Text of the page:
The de novo creation of Adam is example of the Holy Spirit accommodating, that is, descending, to the level of the ancient Hebrews in the biblical revelatory process. He takes their view of human origins, which is the best science-of-the-day, and employs it as a vessel to reveal that He is their Creator. And just like His use of ancient astronomy, when He separates the waters above from the waters below with the firmament in Genesis 1, His forming of Adam from the dust of ground never happened either. No doubt about it, this idea is shocking to most Christians. But the Message-Incident Principle offers perspective on this situation. How God made humans is incidental to the message that He made us. Adam is simply an ancient vessel that delivers inerrant, life-changing, spiritual Truths.

The central purpose of Genesis 2 is to reveal infallible Messages of Faith about the human spiritual condition. Radically different from the pagan beliefs of the nations surrounding the Hebrews, this chapter complements the Holy Spirit-inspired theology of Genesis 1, which reveals humans are created in the Image of God (v. 26-27). Genesis 2 underlines our special and privilege status in the world, because we are the only creatures in a personal relationship with the Lord. The second creation account in Scripture also discloses that men and women were made to enjoy the mystery of marriage. So beautifully stated, “A man will leave his father and mother and be united to his wife, and they will become one flesh” (v. 24). And most importantly, Genesis 2 reveals that the Creator sets limits on human freedom. He commands Adam, “You must not eat from the tree of the knowledge of good and evil, for when you eat of it you shall surely die” (v. 17). In other words, we are accountable before God, and failure to respect His commands has serious consequences.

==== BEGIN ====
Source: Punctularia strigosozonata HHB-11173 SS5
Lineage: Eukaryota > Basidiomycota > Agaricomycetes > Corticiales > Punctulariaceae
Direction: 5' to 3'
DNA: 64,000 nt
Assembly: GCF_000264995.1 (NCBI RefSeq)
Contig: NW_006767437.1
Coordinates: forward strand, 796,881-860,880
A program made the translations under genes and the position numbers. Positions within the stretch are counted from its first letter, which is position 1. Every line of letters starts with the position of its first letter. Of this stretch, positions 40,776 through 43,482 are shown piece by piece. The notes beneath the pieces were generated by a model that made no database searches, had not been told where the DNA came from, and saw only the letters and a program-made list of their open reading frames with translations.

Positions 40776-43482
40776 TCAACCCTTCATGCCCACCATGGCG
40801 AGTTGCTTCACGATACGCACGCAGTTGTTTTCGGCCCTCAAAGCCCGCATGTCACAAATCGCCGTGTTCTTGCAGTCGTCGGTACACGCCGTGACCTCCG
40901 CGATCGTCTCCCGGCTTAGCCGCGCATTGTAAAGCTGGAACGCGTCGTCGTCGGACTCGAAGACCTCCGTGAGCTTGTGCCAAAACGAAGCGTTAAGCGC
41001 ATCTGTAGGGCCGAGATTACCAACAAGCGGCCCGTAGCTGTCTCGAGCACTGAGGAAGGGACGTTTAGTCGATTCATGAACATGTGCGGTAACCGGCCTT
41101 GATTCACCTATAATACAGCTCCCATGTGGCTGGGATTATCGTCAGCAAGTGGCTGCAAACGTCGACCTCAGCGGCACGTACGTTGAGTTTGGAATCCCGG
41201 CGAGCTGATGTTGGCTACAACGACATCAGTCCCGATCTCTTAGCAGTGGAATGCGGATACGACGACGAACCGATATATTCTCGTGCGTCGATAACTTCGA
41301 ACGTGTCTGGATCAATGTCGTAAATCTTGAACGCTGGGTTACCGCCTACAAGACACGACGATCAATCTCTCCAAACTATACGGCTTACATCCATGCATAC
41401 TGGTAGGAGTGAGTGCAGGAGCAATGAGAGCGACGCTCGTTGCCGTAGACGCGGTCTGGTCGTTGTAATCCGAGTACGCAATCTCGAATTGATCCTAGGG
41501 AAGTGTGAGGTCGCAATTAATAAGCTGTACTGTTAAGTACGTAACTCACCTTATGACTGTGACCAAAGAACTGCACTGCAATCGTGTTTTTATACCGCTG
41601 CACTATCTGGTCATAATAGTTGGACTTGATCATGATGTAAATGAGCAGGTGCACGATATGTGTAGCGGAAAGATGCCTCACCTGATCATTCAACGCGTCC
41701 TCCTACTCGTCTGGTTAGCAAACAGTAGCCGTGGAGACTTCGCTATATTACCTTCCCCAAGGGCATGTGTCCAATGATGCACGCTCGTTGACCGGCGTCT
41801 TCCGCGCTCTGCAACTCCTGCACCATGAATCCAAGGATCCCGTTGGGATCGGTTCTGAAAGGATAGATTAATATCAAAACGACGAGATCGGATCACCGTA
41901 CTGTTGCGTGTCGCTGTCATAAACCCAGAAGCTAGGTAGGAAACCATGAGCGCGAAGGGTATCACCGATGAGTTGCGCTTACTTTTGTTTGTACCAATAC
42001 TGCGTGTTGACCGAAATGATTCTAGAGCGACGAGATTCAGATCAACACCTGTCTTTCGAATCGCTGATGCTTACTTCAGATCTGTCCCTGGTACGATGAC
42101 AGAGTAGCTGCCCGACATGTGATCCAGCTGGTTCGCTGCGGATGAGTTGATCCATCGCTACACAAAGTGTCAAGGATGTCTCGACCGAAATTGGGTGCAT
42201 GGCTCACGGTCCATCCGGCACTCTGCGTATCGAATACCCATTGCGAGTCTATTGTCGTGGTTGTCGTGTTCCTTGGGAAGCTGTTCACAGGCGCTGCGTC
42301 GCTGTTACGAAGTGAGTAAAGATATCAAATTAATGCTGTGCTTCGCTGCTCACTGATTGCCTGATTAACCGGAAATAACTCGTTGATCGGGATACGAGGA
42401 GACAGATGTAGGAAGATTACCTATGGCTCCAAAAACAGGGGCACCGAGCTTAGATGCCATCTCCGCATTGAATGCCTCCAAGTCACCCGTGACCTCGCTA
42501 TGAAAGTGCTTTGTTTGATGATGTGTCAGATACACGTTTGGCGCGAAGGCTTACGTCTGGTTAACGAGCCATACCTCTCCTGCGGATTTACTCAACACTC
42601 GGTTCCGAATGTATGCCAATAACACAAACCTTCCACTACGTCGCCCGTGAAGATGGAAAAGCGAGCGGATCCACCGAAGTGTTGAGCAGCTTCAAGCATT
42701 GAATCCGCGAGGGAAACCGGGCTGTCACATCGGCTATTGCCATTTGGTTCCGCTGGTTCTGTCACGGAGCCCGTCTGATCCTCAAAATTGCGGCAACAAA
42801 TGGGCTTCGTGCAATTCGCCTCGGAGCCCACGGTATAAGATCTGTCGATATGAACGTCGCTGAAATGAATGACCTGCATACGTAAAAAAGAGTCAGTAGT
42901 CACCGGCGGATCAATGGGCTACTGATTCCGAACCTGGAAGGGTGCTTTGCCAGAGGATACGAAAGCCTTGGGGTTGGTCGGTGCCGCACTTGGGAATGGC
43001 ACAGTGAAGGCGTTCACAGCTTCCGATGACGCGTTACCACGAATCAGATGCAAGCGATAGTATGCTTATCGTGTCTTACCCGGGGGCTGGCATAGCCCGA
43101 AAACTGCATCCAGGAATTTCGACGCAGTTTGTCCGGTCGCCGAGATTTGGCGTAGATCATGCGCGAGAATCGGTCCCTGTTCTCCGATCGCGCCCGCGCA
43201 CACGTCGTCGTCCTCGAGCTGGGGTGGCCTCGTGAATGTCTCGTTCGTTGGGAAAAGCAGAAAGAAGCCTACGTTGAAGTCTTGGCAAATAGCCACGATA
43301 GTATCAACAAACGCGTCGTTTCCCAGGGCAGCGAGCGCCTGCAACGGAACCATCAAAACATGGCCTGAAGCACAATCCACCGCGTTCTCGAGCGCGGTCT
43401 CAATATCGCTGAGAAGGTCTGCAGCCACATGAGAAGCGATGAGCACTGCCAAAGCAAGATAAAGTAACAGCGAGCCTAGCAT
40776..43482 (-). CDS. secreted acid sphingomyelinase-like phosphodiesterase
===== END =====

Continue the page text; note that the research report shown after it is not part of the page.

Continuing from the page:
Denis Lamoureux is the associate professor of science and religion at St. Joseph’s College in the University of Alberta. He holds a PhD in evangelical theology and a PhD in evolutionary biology. Lamoureux is the author of the books Evolutionary Creation: A Christian Approach to Evolution (2008) and I Love Jesus and I Accept Evolution (2009). More on his work can be found here.

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dlwood - #29605

September 12th 2010

Bev and merv, both, thanks and yes there is a need to keep things in perspective, to graciously receive a brother and sister in the Lord.  The body of Christ is truly a wonder in its outworking in this world.

Yet my whole point is that faith comes from hearing (which the Spirit gives) and hearing from the Word of God.  There must be an objective truth that is heard and believed in order to be born from above; and that objective truth does matter, even though at the time of birth, we may have but a small understanding of it.  It is critical that those who would be shepherds of the flock clearly identify with Truth.  God did not stutter and truth can and should be known and declared.  There are wolves in sheep’s clothing; there are false teachers; there are blind leaders of the blind in every age and we do well to require of those who would instruct us in spiritual things some declaration of the truth which they do believe.